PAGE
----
Keep Your Feet On The Right Track - Melanoma Free!
Melanoma Awareness Month (May!) is a great annual reminder to have your skin checked for any suspicious activity. A lot of people know a few basics for looking for melanoma but I want to take the time to further educate and encourage thorough skin checks so if you see something odd, you know, and you schedule an appointment with your dermatologist quickly. Because as I mentioned in my previous post, The Health Risks of a Golden Tan, when skin cancer is caught in its early stages, it is highly treatable.
People often think of the obvious places to check for melanoma, the most serious kind of skin cancer, such as your scalp, face, lips, ears, neck, chest, arms, and legs. But we often forget about our feet - in more ways than one... Our feet usually get a fair amount of exposure to the sun during the warmer months (not that skin has to have direct sun exposure to develop melanoma) and we often forget to spread our sunscreen past our ankles. Then, we follow up this unconscious behavior with forgetting to pay close attention to our feet or check for unusual skin changes, until symptoms are screaming at us to take action. Because people hardly ever check their feet for for signs of melanoma, the cancer often spreads before it is detected.
Everyone Needs To Check Their Feet!
Did you know that about the same number of African Americans and Caucasians develop melanoma on their feet? Additionally, for people of African and Asian heritage, the feet are the most common area for melanoma to appear.
Where Should You Check For Melanoma On Your Feet?
You want to check your whole foot, the top, bottom, sides, toes, in-between your toes, and even observe your toe nails to detect any discoloration. It is also important to note that melanoma often shows up in previous injury sites. If you ever injured your foot in sport, dance, or even in a regrettable pair of high heels form fifteen years ago, keep a close watch on these predisposed areas.
What To Look For, the ABCDE's Of Melanoma!
Asymmetry: A mole that is not circular or oval in shape, with differing colors that are not evenly distributed.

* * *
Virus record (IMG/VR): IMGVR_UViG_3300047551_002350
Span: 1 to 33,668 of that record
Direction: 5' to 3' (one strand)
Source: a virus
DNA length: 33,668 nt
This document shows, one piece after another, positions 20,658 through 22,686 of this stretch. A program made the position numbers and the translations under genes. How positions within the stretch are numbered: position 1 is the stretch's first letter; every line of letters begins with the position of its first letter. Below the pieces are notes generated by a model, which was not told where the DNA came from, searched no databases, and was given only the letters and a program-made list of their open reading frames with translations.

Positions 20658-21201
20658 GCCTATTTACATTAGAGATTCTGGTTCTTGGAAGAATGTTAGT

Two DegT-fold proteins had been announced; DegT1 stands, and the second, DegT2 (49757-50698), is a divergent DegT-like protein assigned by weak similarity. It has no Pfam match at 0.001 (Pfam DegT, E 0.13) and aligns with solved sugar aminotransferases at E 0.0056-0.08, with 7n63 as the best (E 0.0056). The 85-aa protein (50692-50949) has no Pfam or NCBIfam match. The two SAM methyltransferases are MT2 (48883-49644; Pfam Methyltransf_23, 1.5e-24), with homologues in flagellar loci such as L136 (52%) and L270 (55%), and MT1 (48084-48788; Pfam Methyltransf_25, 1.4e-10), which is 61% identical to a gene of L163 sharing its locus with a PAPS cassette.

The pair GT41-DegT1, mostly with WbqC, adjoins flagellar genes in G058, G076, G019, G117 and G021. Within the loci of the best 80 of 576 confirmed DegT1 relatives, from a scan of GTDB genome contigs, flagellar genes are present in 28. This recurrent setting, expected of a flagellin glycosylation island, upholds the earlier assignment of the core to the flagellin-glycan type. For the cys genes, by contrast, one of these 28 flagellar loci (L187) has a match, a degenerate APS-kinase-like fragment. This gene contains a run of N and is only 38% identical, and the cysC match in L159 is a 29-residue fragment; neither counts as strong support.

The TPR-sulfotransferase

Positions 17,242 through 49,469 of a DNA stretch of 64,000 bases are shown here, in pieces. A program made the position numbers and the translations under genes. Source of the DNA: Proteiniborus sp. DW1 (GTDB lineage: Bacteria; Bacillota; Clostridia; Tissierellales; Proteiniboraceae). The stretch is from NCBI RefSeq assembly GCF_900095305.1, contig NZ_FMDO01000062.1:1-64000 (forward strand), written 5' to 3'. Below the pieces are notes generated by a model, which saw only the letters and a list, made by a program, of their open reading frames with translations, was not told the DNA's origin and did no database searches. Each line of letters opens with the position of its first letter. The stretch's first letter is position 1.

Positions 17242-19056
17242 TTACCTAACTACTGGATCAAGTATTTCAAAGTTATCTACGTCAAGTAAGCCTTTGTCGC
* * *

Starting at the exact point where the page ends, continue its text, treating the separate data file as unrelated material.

Border: Irregular, jagged borders on a mole.
Color: A mole that has several different colors within it, such as brown, black, red, and white.
Diameter: A mole that is 6mm in size or larger, the diameter of a standard pencil eraser.
Evolution: A mole that changes in size, shape, color, or thickness in a short period of time.
The ABCDE's of melanoma are a good starting point for assessing questionable areas. But the feet do add additional complications to identifying melanoma, so also be on the lookout for:
- A non-healing sore on your foot (or one that reoccurs often)
- A sore that looks like a diabetic ulcer
- A new spot or growth on previous injury site
- Pink/Red spot growth
- Black or brown vertical lines underneath your toenail
Additionally, sometimes melanoma on the feet can be painful, itch, and bleed, but that is not always the case. If bleeding does occur it often starts and stops irregularly.
Weather you have a history of excessive sun exposure or not - I strongly urge you to be proactive and have your skin spot checked at least once a year. Make sure you are seeing a medical provider that specializes in skin health when you do. It is a simple safeguard, that is well worth your time and effort, to ensure that if skin cancer ever develops you catch it early. If you are in the greater Nashville area you can schedule an appointment in any of our eight Skin Solutions Dermatology locations: Nashville, Brentwood, Franklin, Columbia, Smyrna, Hendersonville, Mt. Juliet, and Pulaski.
Source: American Academy of Dermatology